• Open Access
    Authors: 
    Julia Moses;
    Country: United Kingdom
    Project: EC | MARDIV (707072)

    Intermarriage was a key site for testing politics of difference within the multicultural German Empire. Across the German states in the mid-nineteenth century, marriage between members of different religions frequently proved impossible. Until various civil marriage laws were introduced between the 1840s and 1870s, marriage remained within the remit of the church. As a consequence, marrying across confessional lines was rarely permitted. The implications were clear: marriage was seen as the embodiment of one’s culture – defined primarily in confessional (alongside socio-economic) terms, and it was also viewed as a key transmitter of culture by producing new generations of faithful observers of particular denominations. As a country divided between three confessions, religion in mid- to late nineteenth-century Germany proved an important aspect of difference within the new German nation state. By the end of the nineteenth century, following the introduction of civil marriage, mass waves of migration, the growth of urbanization and the expansion of the German overseas empire, the connotation of ‘mixed marriage’ in Germany appeared to have shifted. It remained a code for crossing confessional lines, but its resonance had changed. By the late nineteenth century, ‘mixed marriage’ had come to characterize another kind of cultural mixing as well: that between races, both at home within Germany and abroad within its colonies and diasporic outposts. And, between 1905 and 1912, ‘mixed marriage’ between Germans and ‘natives’ had been banned in German Southwest Africa, East Africa and Samoa. Why and how was intermarriage a flashpoint in debates on German identity politics at the turn of the twentieth century? As this article shows, intermarriage in the German Empire mattered to families, broader communities, and legislators because it was a pivotal means through which social groups formed, interacted and maintained boundaries at a time when visions of Germany were expanding.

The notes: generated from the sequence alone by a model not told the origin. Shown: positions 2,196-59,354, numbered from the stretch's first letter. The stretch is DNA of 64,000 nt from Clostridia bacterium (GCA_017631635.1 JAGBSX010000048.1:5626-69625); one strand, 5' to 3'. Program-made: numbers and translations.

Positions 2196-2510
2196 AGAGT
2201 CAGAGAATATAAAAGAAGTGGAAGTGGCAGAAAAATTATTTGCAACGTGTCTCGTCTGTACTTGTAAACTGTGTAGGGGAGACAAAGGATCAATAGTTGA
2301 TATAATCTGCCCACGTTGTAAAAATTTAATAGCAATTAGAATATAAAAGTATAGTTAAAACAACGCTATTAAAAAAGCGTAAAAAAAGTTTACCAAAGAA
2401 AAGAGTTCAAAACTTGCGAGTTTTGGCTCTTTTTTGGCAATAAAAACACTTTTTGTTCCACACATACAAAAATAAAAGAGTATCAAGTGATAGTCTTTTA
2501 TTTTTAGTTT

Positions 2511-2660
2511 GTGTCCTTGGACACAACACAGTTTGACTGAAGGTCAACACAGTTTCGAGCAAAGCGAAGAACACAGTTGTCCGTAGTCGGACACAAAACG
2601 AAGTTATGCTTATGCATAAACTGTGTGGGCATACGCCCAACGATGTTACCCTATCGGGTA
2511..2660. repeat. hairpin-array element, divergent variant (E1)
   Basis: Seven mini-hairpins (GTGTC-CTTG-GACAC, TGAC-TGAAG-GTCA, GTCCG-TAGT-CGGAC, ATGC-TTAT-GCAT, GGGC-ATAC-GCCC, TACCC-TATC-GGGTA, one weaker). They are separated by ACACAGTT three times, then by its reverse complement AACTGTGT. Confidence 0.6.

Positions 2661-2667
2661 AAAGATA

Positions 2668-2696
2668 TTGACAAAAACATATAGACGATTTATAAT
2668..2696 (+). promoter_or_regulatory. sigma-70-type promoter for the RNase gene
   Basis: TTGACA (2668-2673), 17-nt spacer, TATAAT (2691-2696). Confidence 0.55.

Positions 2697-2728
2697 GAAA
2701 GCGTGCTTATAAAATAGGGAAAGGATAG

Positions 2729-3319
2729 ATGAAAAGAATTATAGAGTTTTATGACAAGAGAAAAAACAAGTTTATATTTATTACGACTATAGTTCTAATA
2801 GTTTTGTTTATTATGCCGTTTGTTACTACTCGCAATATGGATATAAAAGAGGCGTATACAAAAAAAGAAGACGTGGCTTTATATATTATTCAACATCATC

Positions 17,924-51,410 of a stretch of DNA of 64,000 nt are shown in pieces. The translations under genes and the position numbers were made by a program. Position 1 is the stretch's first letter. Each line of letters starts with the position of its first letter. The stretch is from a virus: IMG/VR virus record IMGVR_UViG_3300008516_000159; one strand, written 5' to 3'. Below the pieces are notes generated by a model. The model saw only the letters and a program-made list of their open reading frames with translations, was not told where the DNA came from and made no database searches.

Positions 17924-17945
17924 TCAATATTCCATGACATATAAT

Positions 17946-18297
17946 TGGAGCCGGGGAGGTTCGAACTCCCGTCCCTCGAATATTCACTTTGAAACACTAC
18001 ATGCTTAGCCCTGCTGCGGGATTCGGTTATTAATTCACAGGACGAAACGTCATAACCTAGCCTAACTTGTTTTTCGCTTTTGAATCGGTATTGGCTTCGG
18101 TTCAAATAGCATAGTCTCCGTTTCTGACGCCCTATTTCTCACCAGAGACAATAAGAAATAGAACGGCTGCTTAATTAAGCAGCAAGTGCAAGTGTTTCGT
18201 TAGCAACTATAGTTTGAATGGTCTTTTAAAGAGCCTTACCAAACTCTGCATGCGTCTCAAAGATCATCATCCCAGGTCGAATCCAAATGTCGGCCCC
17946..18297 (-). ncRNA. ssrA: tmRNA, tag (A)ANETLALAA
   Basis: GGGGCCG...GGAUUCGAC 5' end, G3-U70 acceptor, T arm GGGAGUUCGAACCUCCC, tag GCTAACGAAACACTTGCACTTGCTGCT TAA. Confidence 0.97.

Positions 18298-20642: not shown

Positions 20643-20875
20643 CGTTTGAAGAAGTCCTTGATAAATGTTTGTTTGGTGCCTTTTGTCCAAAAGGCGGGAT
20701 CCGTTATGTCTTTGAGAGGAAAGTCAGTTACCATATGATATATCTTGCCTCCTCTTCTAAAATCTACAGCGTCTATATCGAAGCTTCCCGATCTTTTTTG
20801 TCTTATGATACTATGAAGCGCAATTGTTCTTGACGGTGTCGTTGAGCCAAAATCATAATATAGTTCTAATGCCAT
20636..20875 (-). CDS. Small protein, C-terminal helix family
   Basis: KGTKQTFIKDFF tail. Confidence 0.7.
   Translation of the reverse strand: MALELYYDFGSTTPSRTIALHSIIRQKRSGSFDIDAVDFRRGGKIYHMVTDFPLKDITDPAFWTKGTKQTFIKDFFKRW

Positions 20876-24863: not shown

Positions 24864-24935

• Open Access
    Authors: 
    Naftali Weinberger; Seamus Bradley;
    Publisher: Elsevier BV
    Country: United Kingdom
    Project: EC | IPMRB (792292)